What Is 'Dry January' and Why Is It a Thing?
'Dry January,' popular in the U.K., is gaining momentum in the States.
— -- To kick off the New Year, could you give up the occasional cocktail or glass of wine? Would you want to?
During the month of January, Alcohol Concern is encouraging people to sign up for their no-drinking challenge, dubbed "Dry January." And according to the British organization, which calls itself a "small independent charity" thousands worldwide have already agreed to kick the habit for 31 days.
Regina Jackson is one person who joined the challenge after hearing about it on TV. The Springfield, New Jersey wedding singer attends a lot of weddings with open bars, so as a social drinker she decided to try this trend.
"I'm not really a big drinker, but when you're social, it's natural," Jackson,30, explained. "So it's a great opportunity for me to strengthen my will."
"Going into 2016 I wanted to hit the refresh button and definitely wanted to aim for optimal health in all aspects of life: spiritually, emotionally and physically," Jackson told ABC News. "And part of that included deciding to do 'Dry January' so I wouldn't drink at all."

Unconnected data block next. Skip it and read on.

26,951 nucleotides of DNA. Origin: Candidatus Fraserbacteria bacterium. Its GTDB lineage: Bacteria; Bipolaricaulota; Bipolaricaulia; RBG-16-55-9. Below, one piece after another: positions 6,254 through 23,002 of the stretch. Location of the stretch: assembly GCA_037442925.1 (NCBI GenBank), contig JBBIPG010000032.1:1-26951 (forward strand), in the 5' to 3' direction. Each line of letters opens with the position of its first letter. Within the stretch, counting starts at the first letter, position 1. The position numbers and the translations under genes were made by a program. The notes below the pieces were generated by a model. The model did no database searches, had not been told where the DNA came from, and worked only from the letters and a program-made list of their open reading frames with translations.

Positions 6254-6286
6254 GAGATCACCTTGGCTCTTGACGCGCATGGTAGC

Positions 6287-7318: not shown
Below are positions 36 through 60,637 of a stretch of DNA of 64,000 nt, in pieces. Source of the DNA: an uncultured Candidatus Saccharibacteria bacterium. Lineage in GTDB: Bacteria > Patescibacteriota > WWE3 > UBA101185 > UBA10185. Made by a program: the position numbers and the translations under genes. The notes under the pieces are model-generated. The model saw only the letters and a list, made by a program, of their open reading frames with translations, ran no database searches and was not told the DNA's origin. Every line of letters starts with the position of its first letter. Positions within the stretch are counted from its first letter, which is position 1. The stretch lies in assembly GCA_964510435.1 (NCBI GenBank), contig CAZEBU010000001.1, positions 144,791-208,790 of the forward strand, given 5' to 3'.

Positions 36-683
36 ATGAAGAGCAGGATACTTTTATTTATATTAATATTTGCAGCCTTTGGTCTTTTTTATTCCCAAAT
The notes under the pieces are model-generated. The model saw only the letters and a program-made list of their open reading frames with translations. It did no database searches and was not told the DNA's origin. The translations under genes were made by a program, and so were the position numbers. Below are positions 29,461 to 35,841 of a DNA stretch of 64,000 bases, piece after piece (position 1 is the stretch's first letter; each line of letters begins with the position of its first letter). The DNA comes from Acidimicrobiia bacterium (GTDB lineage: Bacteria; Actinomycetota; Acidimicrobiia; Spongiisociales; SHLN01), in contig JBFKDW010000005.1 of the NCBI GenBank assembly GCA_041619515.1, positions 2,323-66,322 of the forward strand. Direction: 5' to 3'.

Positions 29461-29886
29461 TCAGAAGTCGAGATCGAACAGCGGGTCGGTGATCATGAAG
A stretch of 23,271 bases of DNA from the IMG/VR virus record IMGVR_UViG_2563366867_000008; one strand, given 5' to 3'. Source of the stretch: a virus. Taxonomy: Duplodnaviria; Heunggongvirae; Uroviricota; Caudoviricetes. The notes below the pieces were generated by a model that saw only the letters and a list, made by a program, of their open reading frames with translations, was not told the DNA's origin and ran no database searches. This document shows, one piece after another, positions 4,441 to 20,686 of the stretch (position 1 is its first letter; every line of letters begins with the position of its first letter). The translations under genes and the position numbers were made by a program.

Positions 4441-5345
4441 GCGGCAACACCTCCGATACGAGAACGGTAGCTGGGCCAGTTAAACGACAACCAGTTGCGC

Dr. William R. Miller, Emeritus Distinguished Professor of Psychology and Psychiatry at the University of New Mexico and former co-director of its Center on Alcoholism, Substance Abuse and Addictions, said 'Dry January' is a good idea for social drinkers.
A 2013 study by the Substance Abuse and Mental Health Services Administration, an agency within the U.S. Dept't of Health and Human Services, said 56.4 percent of adults over the age of 18 had used alcohol in the past month.
When it comes to 'Dry January,' Miller said, "Well, why not? There's no health risk unless you're a really heavy drinker and in danger of withdrawal," he told ABC News. "There is a danger of rebounding at the end of January if you go overboard on Feb. 1 and try to make up for all the days of abstinence, but that's probably a small risk."
Miller added that while there aren't many health benefits from taking alcohol out of your diet for 30 days, there are other rewards.
"It does break up the habitual pattern. It gives you a chance to decide what you want to do," he explained. "Some people feel so much better that they want to continue to abstain."
Miller said, "It's an interesting experiment. You may learn things about yourself in terms of how and when you use alcohol. If you're taking a month off and you experience a time when you really want to drink, now you can explore what that's about. It's like giving up something for Lent, a centuries-old practice of self-regulation. It's about having more choice about your life."
As for Jackson, instead of drinking, she plans to walk on the treadmill and start writing in a journal.
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